FIFA’s April 2018 amendments to its Regulations on the Status and Transfer of Players (RSTP)
Published 01 May 2018 By: Tiran Gunawardena
On 6 November 2017, FIFA (the world governing body for football) and FIFPro (the World Players’ Union) reached a wide ranging 6 year cooperation agreement1 to strengthen relationships between the two organisations and improve the governance of professional football worldwide.
Additionally, an agreement was reached between FIFA, FIFPro, the European Club Association (ECA) and the World Leagues Forum under the umbrella of FIFA’s newly formed "Football Stakeholders Committee", which includes confederations, member associations and professional football stakeholders.
Among the improvements agreed were several changes regarding dispute resolution between players and clubs, particularly for decisions in cases of overdue payables, as well as new provisions to avoid the abusive conduct of parties, such as players being forced to train alone. As a consequence of these commitments and the implementation of the agreement, FIFPro withdrew the complaint against FIFA lodged with the European Commission2 in September 2015.
Some changes had already been enacted in November 2017, with the FIFA transfer system (the FIFA TMS3) applying both to male and female athletes, the latter not having been part of the TMS system since its creation.
Nonetheless, on 26 April 2018, FIFA released Circular Letter 16254 introducing the other changes to the FIFA Regulations on the Status and Transfer of Players (RSTP) in line with FIFA’s agreement with FIFPro, which are valid as of 1 June 2018.
This article analyses the changes, namely:
New Article 24bis - execution of monetary decisions
Articles 14bis and amended Article 18 - overdue payables provisions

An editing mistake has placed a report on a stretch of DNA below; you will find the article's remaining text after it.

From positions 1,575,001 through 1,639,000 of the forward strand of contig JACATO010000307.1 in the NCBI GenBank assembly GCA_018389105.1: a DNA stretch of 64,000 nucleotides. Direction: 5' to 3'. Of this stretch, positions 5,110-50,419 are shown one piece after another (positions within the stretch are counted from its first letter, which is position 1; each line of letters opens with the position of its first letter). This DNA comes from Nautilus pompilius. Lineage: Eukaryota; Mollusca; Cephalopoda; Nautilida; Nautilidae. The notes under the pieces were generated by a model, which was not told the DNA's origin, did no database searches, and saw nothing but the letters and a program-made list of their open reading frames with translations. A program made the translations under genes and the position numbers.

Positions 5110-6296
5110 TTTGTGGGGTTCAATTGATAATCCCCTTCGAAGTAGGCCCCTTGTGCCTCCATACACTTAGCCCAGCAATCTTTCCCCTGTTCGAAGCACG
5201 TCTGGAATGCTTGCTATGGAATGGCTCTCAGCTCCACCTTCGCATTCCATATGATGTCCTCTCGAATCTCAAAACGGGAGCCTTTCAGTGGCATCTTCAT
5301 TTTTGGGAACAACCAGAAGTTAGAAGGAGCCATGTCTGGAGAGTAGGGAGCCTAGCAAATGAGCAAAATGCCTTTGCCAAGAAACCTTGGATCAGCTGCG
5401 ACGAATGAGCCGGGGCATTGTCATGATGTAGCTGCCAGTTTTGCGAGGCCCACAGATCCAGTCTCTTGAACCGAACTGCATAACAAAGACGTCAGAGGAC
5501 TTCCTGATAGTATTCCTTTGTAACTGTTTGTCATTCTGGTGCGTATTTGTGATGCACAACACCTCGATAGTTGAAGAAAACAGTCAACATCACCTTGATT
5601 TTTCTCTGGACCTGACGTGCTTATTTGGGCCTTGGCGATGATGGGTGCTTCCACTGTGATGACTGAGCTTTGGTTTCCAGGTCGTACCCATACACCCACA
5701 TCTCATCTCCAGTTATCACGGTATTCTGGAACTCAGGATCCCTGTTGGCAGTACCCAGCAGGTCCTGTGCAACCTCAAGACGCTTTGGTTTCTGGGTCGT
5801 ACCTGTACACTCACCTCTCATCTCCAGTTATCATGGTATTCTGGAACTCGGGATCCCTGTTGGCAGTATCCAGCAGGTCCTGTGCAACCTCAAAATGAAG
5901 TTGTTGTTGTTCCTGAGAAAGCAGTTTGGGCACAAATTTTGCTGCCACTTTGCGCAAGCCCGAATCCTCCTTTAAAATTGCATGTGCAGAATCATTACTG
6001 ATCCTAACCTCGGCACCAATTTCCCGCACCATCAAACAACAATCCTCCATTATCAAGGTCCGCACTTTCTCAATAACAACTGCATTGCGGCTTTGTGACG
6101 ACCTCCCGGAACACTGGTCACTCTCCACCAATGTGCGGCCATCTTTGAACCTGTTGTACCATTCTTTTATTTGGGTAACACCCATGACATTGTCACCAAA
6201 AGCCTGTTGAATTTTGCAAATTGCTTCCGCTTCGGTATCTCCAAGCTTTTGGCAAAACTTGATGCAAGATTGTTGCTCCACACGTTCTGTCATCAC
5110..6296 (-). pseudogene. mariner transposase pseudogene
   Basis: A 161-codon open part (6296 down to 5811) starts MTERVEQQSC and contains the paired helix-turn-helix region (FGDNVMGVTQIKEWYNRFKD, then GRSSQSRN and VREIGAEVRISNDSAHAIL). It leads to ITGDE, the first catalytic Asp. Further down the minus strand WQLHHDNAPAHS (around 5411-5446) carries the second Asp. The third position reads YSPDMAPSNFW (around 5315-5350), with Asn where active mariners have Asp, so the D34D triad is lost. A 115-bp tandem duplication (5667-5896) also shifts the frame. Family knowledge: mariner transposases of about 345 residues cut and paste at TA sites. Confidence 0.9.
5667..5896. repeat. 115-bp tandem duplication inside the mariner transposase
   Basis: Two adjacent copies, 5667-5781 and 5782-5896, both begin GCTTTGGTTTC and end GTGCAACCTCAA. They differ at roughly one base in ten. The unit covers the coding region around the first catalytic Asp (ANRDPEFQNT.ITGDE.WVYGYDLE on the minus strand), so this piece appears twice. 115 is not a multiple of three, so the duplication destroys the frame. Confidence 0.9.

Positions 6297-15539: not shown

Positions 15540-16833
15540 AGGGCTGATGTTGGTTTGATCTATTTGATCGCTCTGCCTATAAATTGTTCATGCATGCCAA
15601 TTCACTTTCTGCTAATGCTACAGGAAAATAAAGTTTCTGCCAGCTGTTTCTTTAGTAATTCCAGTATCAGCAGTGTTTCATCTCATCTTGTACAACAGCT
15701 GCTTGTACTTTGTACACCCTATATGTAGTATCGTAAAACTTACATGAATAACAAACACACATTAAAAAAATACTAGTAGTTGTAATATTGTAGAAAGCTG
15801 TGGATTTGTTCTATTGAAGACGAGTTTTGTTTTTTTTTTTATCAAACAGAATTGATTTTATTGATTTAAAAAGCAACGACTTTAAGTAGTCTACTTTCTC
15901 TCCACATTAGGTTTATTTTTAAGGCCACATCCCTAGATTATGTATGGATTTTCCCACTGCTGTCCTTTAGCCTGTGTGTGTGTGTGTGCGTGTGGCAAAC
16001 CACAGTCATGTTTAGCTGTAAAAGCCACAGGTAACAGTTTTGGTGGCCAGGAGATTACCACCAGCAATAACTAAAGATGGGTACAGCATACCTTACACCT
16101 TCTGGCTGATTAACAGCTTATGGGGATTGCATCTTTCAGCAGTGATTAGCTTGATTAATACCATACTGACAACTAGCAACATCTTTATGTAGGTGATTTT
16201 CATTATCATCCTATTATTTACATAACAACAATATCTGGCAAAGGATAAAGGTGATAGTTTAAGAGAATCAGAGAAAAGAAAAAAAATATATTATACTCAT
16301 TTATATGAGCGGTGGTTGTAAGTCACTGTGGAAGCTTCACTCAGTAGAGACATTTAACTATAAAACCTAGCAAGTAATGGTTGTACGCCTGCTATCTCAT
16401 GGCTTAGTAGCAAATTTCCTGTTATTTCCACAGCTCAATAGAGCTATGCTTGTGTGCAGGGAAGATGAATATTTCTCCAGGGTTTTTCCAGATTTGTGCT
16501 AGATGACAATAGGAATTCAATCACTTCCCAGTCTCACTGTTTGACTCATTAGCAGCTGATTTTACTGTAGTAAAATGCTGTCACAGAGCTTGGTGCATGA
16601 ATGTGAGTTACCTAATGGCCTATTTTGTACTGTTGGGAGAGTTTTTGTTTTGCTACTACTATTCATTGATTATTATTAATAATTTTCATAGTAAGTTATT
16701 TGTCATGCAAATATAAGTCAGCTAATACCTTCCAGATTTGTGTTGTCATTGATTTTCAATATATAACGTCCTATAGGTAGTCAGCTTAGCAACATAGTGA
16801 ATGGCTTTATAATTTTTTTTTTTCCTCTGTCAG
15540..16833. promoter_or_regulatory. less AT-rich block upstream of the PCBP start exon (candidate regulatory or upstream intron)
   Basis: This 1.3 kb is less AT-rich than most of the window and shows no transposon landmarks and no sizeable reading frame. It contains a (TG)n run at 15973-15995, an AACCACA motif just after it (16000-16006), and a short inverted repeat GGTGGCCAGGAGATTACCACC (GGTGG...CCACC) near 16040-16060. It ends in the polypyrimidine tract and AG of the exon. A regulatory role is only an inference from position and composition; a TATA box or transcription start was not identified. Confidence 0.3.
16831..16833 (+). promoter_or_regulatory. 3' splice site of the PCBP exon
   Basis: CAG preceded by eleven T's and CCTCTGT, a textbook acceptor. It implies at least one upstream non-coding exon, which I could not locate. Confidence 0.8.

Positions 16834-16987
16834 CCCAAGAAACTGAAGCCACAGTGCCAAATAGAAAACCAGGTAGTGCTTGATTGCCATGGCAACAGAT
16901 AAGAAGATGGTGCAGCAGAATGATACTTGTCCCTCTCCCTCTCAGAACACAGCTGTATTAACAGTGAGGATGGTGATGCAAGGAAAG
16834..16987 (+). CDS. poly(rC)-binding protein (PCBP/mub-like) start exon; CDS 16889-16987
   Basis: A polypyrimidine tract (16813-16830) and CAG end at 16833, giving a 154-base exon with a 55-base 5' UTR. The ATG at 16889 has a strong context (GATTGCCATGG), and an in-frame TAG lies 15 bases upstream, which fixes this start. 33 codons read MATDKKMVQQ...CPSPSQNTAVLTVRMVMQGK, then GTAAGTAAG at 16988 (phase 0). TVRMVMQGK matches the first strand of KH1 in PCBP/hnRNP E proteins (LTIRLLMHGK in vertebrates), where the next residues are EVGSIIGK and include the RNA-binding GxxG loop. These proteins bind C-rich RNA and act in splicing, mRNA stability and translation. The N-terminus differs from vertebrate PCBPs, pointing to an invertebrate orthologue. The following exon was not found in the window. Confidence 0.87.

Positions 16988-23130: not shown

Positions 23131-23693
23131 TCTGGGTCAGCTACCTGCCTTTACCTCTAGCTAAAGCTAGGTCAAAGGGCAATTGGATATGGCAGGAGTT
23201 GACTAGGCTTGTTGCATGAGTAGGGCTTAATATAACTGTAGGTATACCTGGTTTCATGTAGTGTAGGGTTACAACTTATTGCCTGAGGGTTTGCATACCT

Article 14 - abusive conduct
Article 17 - new parameters for player compensation
Get access to this article and all of the expert analysis and commentary at LawInSport
Already a member?
Articles, webinars, conference videos and podcast transcripts
This work was written for and first published on LawInSport.com (unless otherwise stated) and the copyright is owned by LawInSport Ltd. Permission is granted to make digital or hard copies of this work (or part, or abstracts, of it) for personal use provided copies are not made or distributed for profit or commercial advantage, and provided that all copies bear this notice and full citation on the first page (which should include the URL, company name (LawInSport), article title, author name, date of the publication and date of use) of any copies made. Copyright for components of this work owned by parties other than LawInSport must be honoured.
- Tags: Athlete Welfare | Court of Arbitration for Sport (CAS) | Dispute Resolution | Employment | Fédération Internationale de Football Association (FIFA) | FIFA | FIFA Dispute Resolution Chamber (DRC) | FIFA Players’ Status Committee (FIFA PSC) | Football | Governance | Regulation | Regulations on the Status and Transfer of Players (RSTP) | UEFA | Union of European Football Associations (UEFA)
- Key sports law cases and developments to watch in 2018 - UK & Ireland
- Player contracts: How contractual stability can override a liquidated damages clause
- Young and in demand: The legality of buy-out clauses in Spanish football contracts